I'm afraid of a lot of things, but two things really terrify me: heights and turbulent water. So naturally I signed up for a whitewater rafting trip in early July down the Colorado River in the Grand Canyon—including hikes in side canyons featuring some don't-look-down moments. I screwed up (keep reading) my courage because this trip was the annual canyon excursion organized by the National Center for Science Education.

Since 1981 the Oakland, Calif.–based NCSE has defended evolution education in public schools against constant threats from those who seek to remove it from biology curricula or to “balance” it with the addition of oxymoronic “scientific creationism” or its mutated progeny such as “intelligent design.”

“So what does rafting down the Grand Canyon have to do with science education?” asked NCSE executive director Ann Reid, as we sat on driftwood at the Fern Glen campsite along the river on the penultimate day of our weeklong journey.

“Well, for NCSE it's one of the most powerful places on the earth to show the differences between religious thinking and scientific thinking,” Reid observed. “The very small minority of Christians who believe the earth is 6,000 years old,” she adds, see the Grand Canyon as “the best evidence they have of Noah's flood.”

Creationists run multiple raft trips down the Colorado every year, during which patrons hear their take, including the notion that the inundation occurred some 4,400 years ago—and rapidly deposited the sediments of the canyon's walls.

“Of course, scientists of many different subdisciplines have figured out that the canyon is much older than that,” Reid said of the perhaps still surprisingly geologically recent date of just five million to six million years ago. “There are the rocks, there's the biology, there's the hydrology—it's just a fantastic place to learn how scientists explain the world around us.”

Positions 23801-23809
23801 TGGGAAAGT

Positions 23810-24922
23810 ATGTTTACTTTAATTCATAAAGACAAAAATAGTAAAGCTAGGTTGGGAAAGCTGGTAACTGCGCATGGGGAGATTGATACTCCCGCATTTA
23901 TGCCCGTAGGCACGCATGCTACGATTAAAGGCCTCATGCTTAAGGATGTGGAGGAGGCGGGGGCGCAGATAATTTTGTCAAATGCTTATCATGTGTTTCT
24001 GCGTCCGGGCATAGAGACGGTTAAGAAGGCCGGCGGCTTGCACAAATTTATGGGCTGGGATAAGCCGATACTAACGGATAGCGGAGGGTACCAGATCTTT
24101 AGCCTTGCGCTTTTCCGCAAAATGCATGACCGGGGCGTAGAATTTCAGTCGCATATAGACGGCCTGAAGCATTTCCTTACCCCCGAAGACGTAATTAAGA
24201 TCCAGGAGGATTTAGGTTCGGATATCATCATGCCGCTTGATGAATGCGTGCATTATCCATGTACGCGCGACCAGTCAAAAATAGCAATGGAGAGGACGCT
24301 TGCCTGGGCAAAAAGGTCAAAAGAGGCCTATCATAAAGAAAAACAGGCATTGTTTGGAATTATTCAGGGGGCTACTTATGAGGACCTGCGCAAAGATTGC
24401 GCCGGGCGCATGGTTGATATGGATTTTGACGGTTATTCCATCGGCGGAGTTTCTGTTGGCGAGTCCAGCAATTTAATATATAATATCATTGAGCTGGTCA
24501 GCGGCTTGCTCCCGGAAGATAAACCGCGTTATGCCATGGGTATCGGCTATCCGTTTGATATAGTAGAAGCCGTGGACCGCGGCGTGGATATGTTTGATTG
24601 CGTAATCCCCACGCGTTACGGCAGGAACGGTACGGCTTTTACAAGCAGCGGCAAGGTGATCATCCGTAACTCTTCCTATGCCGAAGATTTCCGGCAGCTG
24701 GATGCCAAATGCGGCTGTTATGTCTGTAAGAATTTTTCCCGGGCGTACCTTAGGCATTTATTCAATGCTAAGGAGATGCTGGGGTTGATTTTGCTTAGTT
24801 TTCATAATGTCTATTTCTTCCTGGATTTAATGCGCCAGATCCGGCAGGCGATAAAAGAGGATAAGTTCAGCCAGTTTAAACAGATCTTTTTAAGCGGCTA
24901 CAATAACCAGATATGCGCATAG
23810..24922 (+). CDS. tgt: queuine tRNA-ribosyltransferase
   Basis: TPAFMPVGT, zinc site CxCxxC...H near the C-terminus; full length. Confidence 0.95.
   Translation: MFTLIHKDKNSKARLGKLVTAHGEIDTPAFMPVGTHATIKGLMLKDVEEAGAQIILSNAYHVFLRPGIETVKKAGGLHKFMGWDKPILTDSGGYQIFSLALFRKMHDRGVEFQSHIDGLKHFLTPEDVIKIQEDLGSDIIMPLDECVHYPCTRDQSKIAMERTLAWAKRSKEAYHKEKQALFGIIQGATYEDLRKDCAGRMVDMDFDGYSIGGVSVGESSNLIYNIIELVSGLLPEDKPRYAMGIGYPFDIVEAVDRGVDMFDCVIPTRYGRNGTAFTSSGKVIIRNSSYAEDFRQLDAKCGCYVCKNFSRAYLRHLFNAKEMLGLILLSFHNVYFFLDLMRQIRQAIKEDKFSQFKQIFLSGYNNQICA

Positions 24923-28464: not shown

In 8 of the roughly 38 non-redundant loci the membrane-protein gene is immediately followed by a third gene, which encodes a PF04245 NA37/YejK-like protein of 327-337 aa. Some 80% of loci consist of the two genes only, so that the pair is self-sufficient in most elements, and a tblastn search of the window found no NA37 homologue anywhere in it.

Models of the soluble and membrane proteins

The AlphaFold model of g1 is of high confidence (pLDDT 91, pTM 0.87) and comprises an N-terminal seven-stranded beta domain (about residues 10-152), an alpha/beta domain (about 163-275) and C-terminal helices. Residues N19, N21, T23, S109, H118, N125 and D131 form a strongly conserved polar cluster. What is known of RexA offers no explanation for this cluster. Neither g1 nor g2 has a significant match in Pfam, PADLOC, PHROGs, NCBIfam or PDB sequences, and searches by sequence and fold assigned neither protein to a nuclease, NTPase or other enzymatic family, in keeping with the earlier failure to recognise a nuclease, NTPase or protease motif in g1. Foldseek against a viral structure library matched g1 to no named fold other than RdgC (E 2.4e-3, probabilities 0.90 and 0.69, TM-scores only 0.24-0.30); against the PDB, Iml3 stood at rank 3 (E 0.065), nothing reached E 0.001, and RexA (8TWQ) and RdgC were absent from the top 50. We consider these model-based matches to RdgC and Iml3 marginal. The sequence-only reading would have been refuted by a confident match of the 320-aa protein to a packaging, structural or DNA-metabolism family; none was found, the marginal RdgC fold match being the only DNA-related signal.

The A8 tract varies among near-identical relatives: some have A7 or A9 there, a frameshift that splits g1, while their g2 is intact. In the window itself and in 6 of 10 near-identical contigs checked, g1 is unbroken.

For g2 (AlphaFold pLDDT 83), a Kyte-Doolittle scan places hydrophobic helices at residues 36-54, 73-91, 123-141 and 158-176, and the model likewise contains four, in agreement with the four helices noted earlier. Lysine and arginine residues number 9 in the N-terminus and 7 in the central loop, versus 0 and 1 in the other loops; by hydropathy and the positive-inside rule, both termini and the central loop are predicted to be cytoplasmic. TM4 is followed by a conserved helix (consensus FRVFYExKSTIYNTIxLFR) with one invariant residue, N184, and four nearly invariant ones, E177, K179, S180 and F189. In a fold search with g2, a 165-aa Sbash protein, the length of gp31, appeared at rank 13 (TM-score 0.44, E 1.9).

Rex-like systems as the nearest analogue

I'll talk more about some of the geologic history easily observable, even up close and at eye level, in the next issue. But now I want to tell you about living for a week in the Grand Canyon.

Our group of 25 traveled on what some disparagingly call “baloney boats,” rafts some 35 feet long hugged on either side by huge inflated pontoons. Those would be the baloneys. If the crew of the Pequod had been on baloney boats, Ishmael might have wound up recounting a fairly mundane incident.

We nonetheless were told to hit the deck and hold tight to lashings when entering the most violent rapids. Because while the boat will float, a loose passenger could easily be thrown into the maelstrom, which is quite the bother and could result in all kinds of paperwork.

Late each afternoon we'd pull over and make camp. The key issue faced by the professional guides at that point was where to set up the two sanitation facilities. Urine goes directly into the fast-moving river, but solid waste gets collected all week and transported out. The metal collection devices are called groovers, allegedly because people out in the field would use empty steel ammo boxes for this purpose. Only they didn't have the luxury that we enjoyed: a seat. So the tops of the boxes' thin sides would leave a pair of temporary posterior indentations, aka butt grooves.

We performed our ablutions and laundry care in the river, which prompted one late-night visitation by the imaginary spirit of my great-grandmother, who berated me: “You bathe in river, wash clothes in river? We leave old country so you NOT have to go to river for bathing, clothes cleaning.” When she found out that I actually paid to go on the trip, she became even more imaginarily livid: “Idiot.” I'm just glad she didn't see my underwear hanging in a tree to dry overnight.

I came prepared for the searing heat, the burning sun, the frigid water. But what I couldn't have known was that my touch-screen Kindle would be useless at night. Because my headlamp (indispensable if you need the groover in the dark) attracted flying insects, which landed on the screen. And turned the page, changed the type size and might have purchased the complete works of Jean-Henri Fabre if we had any Internet connectivity. Fortunately, the remaining option was to turn the light off and look up from the river into a sea of stars.